How much of Australia does China own

Trade dispute with ChinaAustralia wants to continue to defy Beijing's influence

"Join us against Xi's authoritarian bullying." - "By drinking a bottle or two of Australian wine and letting the Chinese Communist party know that we will not be bullied." - "Cheers and no bullying from China."

Put your cups up and down with Beijing's "bullying tactic". 200 politicians from 19 countries symbolically raised a glass of Australian wine via internet video: in solidarity with the Australian winemakers. Their entire exports to China had collapsed because of a 212 percent high import tariff. Just because Canberra defies Beijing, because Australia continues to forbid China to interfere in domestic Australian affairs. Politically and economically:

"Both sides are outside of international norms, but both believe they are right," said Yun Jiang of the Australian-Chinese Trade Forum.

"This is a stalemate. I fear relations between the two countries will continue to deteriorate to their economic disadvantage."

Chinese investment in Australia at a low

13 Australian industries have so far been affected by import tariffs, import boycotts or negative campaigns by the Chinese government. From wine, grain, lobster and meat to the tourism and university sector to coal. At the same time, China's investments in Australia have fallen 61 percent, to their lowest level in 15 years. Also because of stricter controls by the Australian government. The economy is weakening due to the consequences of the corona crisis.

In order to prevent a sell-off of troubled domestic large companies, every planned takeover from abroad must first be approved by the financial supervisory authority. Requests from China are categorically denied for reasons of national security.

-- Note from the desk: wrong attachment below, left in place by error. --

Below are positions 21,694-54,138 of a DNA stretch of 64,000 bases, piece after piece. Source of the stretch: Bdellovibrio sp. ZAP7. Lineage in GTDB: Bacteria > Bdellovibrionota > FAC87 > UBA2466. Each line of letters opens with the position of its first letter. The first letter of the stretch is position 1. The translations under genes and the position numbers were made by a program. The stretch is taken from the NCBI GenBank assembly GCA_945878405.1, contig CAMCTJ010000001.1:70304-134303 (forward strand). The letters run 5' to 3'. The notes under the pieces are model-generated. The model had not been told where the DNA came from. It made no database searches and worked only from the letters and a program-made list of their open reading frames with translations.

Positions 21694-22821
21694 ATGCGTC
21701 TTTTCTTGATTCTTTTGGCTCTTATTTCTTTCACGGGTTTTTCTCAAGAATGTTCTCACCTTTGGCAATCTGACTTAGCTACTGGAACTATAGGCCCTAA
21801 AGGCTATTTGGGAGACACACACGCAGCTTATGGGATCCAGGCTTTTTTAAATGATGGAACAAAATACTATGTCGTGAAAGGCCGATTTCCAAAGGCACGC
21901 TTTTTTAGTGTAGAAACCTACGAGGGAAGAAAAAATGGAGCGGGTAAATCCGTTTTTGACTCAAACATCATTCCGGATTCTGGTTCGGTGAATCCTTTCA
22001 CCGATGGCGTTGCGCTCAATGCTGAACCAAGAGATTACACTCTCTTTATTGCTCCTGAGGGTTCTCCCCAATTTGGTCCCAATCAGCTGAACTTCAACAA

"It is astonishing, but also a good sign, that the major industrial associations continue to support our government," says journalist and China expert Peter Hartcher. "The Chinese brought Australia a pandemic and the first recession in 30 years. What else should they do to us?"

Australia is realigning its export economy

While China continues to have Australia firmly in its sights, the Australian export industry is reorienting itself. New sales markets were opened up. Australian barley now goes mainly to England, sheep and beef increasingly to the USA, and coal to India. Only iron ore continues to be delivered to China unhindered, where it covers 60 percent of Chinese demand.

"Beijing cannot afford bottlenecks in the announced construction boom after Corona," believes economist David Bassanese in Sydney. Australia has long since won the PR battle in the trade war between the two countries:

"Ultimately, it is up to China to ease the situation between the two countries. The Australian government is not thinking of backing down, because the rest of the world is on its side. Whatever China tried to achieve with the sanctions against Australia, this shot is backwards started. "

The trade dispute between Australia and China is not a “culture war”, says journalist Peter Hartcher. (imago / James Ross)

Chinese-born Australians between the front lines

Demands and sanctions from Beijing, mistrust and defiance in Canberra: in the diplomatic ice age between China and Australia, no thaw is in sight. The victims of the conflict are over a million Australians of Chinese descent. According to a study by the Lowy Institute, an independent think tank, they are increasingly being attacked and insulted in their new home. Restaurant owner Wan Lin has lived in Sydney for 25 years. She is fed up with other Australians increasingly questioning her loyalty:

"We immigrants defended the Australians when the Chinese leadership insulted them as 'racists' and issued travel warnings for tourists and students. We did so despite the fact that we, Australians of Chinese descent, were themselves racially hostile."

Australia is looking for new allies in Asia

China is by far Australia's most important trading partner. China's archenemy, the US, is Australia's most important strategic partner:

"Getting both under one roof is a political balancing act," says journalist Peter Hartcher. Why Australia is looking for strong allies in Asia with India, Japan and Indonesia. The trade dispute between Australia and China is David against Goliath, according to Hartcher, but not a culture war "West against the Far East".

"This is not an ethnically motivated conflict. There are not billions of Chinese against 25 million Australians. This is about standing up for values ​​such as freedom, independence and democracy. Our goal must be to protect Australia's sovereignty."